For folks in the "northern heartland," a term Andrew Zimmern and his foodie friends have coined to define their place in Midwestern food and culture, potluck meals aren't just the latest trend; they've always been a part of how people gather for meals. "It comes from our hardworking farm heritage family-style dishes, big portions, hot dish [casseroles]—that's how we are, and it's how we all still socialize," says Zimmern.
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So when he invited some of Minneapolis' top chefs and food influencers to celebrate the Fourth of July, it made sense that each would use a DIY approach for their dishes. On the menu: grilled lamb with homemade flatbreads and freshly blended sauces; sprouted quinoa for a garden salad; beet-cured salmon; sweetened buttermilk curd for berries; and more—quintessential examples of a cook-from-scratch mind-set that Zimmern says hasn't changed much since early settlers from Scandinavia, Germany, and Italy came to the area. "We have never not been DIY; it's in our DNA."
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The Cooking Method
From sides to main, Zimmern relies on the grill for his recipes, which anchor the meal. Lamb cooked over coals (Zimmern prefers hardwood charcoal) is timed to finish as guests enjoy drinks and starters, and corn gets a smoky roast for his snap pea salad. Cooking flatbreads on a saj (a griddle he brought back from Syria) set over the grill is the final step.
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Family and friends gather for a hometown celebration. Stacey Kvenold, husband Steven Brown (chef and owner of Tilia), and daughter Sonia (seated); Corinne DeCamp and husband Mike DeCamp (executive chef at Monello and Constantine); Jamie Malone and partner Erik Anderson (chef of Brut); Doug Flicker (chef and owner of Piccolo) and wife Amy Greeley; Andrew Zimmern; Lily and her mother, Tracy Singleton (owner of Birchwood Cafe).
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Tips for Pulling Off a DIY Potluck Menu
Make It Ahead
Choose dishes that do most of the work up front, mostly hands-off. Methods like curing (salmon), proofing (bread), sprouting (grains), or freezing (fruit juice ice cubes) require a minor amount of prep time but offer a very big payoff.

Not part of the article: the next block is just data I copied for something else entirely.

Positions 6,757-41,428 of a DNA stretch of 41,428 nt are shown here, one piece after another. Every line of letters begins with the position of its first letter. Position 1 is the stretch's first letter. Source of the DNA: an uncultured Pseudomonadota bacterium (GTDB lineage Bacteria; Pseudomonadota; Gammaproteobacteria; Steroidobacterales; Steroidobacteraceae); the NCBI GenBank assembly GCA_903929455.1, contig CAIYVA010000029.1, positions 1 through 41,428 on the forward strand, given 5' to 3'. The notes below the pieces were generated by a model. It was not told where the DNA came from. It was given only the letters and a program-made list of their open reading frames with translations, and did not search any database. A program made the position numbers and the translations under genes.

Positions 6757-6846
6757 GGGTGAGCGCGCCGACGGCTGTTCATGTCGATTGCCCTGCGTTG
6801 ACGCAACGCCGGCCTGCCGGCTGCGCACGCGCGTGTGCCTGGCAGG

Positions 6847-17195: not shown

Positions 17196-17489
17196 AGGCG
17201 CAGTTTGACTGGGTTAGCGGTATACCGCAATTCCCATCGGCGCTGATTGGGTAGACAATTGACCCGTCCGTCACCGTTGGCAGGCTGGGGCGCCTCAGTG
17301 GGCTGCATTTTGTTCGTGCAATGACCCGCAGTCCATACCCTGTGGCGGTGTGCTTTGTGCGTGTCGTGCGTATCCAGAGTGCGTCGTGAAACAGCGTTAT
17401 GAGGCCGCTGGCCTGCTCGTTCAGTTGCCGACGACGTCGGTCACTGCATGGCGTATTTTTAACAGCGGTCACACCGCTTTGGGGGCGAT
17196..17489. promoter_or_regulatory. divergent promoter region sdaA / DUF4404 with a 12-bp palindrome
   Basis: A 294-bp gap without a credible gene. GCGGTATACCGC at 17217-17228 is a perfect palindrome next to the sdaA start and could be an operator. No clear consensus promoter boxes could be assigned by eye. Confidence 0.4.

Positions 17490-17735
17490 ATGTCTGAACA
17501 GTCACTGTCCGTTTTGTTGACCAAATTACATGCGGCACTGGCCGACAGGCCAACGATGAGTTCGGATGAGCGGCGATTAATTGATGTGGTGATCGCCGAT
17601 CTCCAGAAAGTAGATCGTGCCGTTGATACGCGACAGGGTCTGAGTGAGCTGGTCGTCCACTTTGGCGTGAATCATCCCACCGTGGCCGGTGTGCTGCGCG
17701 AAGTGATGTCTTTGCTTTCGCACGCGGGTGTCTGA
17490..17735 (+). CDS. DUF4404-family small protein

Assess Equipment Needs
Find out what guests need to finish or serve their dishes once they arrive. Determine if anything needs warming (like a dressing) so all the dishes can be served together. Clear a space just for guests, with the tools they need ready for them.
Finish on the Spot
Usually, potluck parties are casual and communal, so it's OK if some last-minute cooking occurs at the party. Let guests take part: Assign simple tasks (like grilling corn) and make room for people to gather and chat.
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Erik Anderson's Charred Zucchini Salad
Fresh, local produce needs little more than a punch of heat or a salty-sweet dressing to transform into a compelling side dish. Choose dishes that work cold or warm and can stand up to summer heat.
For this zucchini salad, Erik Anderson (chef of Brut) uses lardo for part of the fat in the dressing. It's seasoned and cured pork fat somewhat similar to bacon. Find it at specialty markets or at almagourmet.com. Or substitute an equal amount of rendered bacon (16 ounces chopped bacon will yield 3.5 ounces needed for this recipe).
Anderson also uses sweet and sour teardrop chiles, which are a cross between a jalapeño and a cherry pepper. If you can't find them, substitute mild pickled peppadews.
Steven Brown (chef and owner of Tilia) uses beets to bring earthy flavor and bright, bold color to cured salmon, which he serves on sourdough toasts with fromage blanc, hard-cooked egg, radish slices, and a few drops of tangerine-infused oil. Feel free to sub store-bought smoked salmon that's thinly sliced. You can also go low-carb and serve the salmon on long cucumber slices.
Tracy Singleton's Sprouted Quinoa with Marinated Veggies
Sprout a grain like quinoa (it takes time but almost no attention) for a pleasing bite and a nutrient boost. Add veggies and nasturtiums and marigolds (flowers optional) for a peppery kick.
This raw-food dish needs planning and patience, but the payoff is a salad that pops with each crunchy bite. Tracy Singleton (owner of Birchwood Cafe) says using cooked and cooled quinoa instead of sprouted quinoa is a fine shortcut, but the salad won't be 100% raw.
Doug Flicker's White Balsamic-Marinated Berries with Sweet Buttermilk Curd
Keep to the simplest ingredients, like fresh berries and buttermilk, for an irresistible, refreshing no-bake dessert. Doug Flicker's (chef and owner of Piccolo) dessert is a mix of sweet, tart, and tangy sensations. Honey granules are available at specialty markets or online retailers like Amazon.
You can double this recipe to serve a larger crowd. Use 2 bowls to freeze the buttermilk, and thaw simultaneously in 2 colanders. There is a considerable amount of whey once the buttermilk thaws. Don't toss it all; Flicker recommends using it for an added boost in smoothies or adding it to cream soups and sauces for a tangy touch of acidity.
Strawberry and Watermelon Punch with Lime and Tarragon
You can buy strawberry puree or make it yourself: Blend 16 ounces thawed frozen strawberries in a food processor. Strain through a fine sieve; discard seeds. Serve Mike DeCamp's (executive chef at Monello and Constantine) refreshing punch with or without alcohol.